Quest is one of the most unique universities in Canada. We do things a little differently here. We put an emphasis on interdisciplinary education and collaboration, and providing every student with the tools they need to be able to think outside of the box. This is wonderful and breeds intense creativity and incredibly interesting “majors”, but it can also be a little difficult.
Because of our unique learning platform we get presented with crazy cool classes like “The Hive and the Honeybee”, “Evolution”, “The Art of the Book”, “What is Life?”, and “Poets and Philosophers”, just to name a few, and the challenge becomes this; how do you take advantage of all these cool classes and still maintain some sort of “focus” for your Question?
Now I’m sure there are many different ways of going about this, and I can only speak from my experience, but I hope I can still offer some insights.
For reference, my question (the equivalent of my “major”) is “What is the nature of Olive Oil?”. I love my question, and I think that is my first piece of advice—try and design a question that you really truly love from all possible angles and that you can see yourself exploring for the next two years of your degree.
I love my question because it has allowed me to take classes that range from Organic Chemistry; Tectonics of Western North America (where we actually spent a day at an olive grove and mill in Hopland California); Classics in the Aegean ( I get to travel to Athens for school!); and Triumph and Tragedy (a class I designed myself that focused on the Greek tragedies and Virgils Aeneid). Quest gives you all the freedom you can handle, and you just have to take decide what to do with that freedom. And that would be my second word of advice—take advantage of our interdisciplinary education! I can almost guarantee that most people that come here do not know what they want to do when they first show up, and the only way you will find out is by getting out of your comfort zone a little and trying new things.
Lots of people ask me, “well thats all super cool and all, and it seems like you are enjoying yourself, but olive oil? What are you going to do with a degree where your undergraduate thesis is about olive oil and you have taken a super eclectic bundle of classes?” This is a fair question—what I am going to do once I graduate? Well, anything really. Because of the way I have designed my undergrad, I have tons of possibilities in front of me. For example, I am going to have all the prerequisites I need if I wanted to go into naturopathic medicine, something I am super interested in. I will also have most of the prerequisites to get into a Classic program, although I will need to touch up my ancient Greek and Latin. I could also go into geology and mineralogy, because believe it or not, I have most of what I need for those degrees, or get a job at a laboratory, or really anything I want to make fit. Maybe I won’t want to head straight into a Masters, maybe I will get a full time position at the olive mill I hope to work at from my “experiential learning”, or maybe I will travel and WWOOF at an olive grove in Greece or Italy.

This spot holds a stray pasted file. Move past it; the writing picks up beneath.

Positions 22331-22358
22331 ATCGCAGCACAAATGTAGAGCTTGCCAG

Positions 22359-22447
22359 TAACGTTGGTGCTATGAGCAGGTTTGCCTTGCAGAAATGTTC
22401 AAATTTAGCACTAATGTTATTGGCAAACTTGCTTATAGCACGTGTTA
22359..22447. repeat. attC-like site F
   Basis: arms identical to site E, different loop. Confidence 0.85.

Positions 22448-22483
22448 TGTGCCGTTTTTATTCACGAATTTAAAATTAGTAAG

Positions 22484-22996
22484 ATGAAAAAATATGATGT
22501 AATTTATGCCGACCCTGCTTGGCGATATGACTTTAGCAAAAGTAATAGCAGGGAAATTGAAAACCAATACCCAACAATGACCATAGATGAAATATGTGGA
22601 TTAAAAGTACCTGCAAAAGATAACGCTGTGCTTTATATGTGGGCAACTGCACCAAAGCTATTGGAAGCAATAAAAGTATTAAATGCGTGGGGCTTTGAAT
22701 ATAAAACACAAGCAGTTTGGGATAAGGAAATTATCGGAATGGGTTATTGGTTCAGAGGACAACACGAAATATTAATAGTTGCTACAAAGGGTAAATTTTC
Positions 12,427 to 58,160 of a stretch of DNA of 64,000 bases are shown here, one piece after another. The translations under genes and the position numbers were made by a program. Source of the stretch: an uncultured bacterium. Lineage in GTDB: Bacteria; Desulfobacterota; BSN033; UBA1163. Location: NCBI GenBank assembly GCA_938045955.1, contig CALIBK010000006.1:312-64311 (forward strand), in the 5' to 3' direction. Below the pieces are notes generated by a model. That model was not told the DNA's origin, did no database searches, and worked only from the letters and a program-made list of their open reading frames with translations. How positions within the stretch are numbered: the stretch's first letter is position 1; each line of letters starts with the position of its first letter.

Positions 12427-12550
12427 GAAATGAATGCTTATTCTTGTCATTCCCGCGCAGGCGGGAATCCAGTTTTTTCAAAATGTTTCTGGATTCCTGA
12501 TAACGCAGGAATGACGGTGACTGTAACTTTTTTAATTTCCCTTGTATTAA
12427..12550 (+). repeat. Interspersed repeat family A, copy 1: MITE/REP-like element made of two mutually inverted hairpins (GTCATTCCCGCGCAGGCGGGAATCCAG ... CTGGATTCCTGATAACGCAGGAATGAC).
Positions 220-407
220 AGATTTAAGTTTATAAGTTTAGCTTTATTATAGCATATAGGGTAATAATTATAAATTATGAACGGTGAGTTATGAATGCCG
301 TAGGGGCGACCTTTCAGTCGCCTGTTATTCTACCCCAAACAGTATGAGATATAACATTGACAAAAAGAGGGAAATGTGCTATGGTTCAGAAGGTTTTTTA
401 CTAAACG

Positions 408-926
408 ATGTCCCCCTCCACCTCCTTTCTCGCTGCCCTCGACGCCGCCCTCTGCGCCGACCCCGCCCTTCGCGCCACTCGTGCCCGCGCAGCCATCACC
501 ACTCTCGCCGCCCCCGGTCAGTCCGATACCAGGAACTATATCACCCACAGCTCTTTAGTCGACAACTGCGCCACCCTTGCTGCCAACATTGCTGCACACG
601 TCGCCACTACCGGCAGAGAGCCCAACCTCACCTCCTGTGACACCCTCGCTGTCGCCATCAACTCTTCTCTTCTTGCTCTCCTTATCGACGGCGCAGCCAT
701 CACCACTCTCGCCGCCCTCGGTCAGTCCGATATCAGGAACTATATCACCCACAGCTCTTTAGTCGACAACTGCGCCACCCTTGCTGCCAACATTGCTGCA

That is the beauty of Quest. We don’t come out with just a degree, we come out with experiences and drive and connections. We come out of here with the knowledge that if you work hard enough and apply yourself, you can get stuff done. We know how to handle stress (hello stats class with 12+ hours of group work and homework and reading every single night for 3.5 weeks straight). We know how to collaborate (my official mentor is a geologist but you can frequently find me chatting and taking advice from a philosopher and an art historian). We know how to be curious and how to go about finding answers to our own questions. Heck, we can even give you the latin name for that weird coastal BC plant.
I am so happy with my decision to come to this wonderful little school in the mountains. Quest is really what you make it. You can try and build yourself into a little box and just take courses so that you can come out of here with a set of prerequisites for a Masters, but that really isn’t what this place is about. That being said, many students come out of Quest with the necessary skills to excel at a Masters or PhD program. 40% of our grads have already done or are in a Masters or PhD program, and we have a 96.4% employment rate, with 51.7% of those alumni are employed in an area related to their Question.
So I guess my final word of advice is this—take that weird sounding class you are super interested in even if you don’t think it will relate to your question. You never know—it could become the class that helps define your experience here.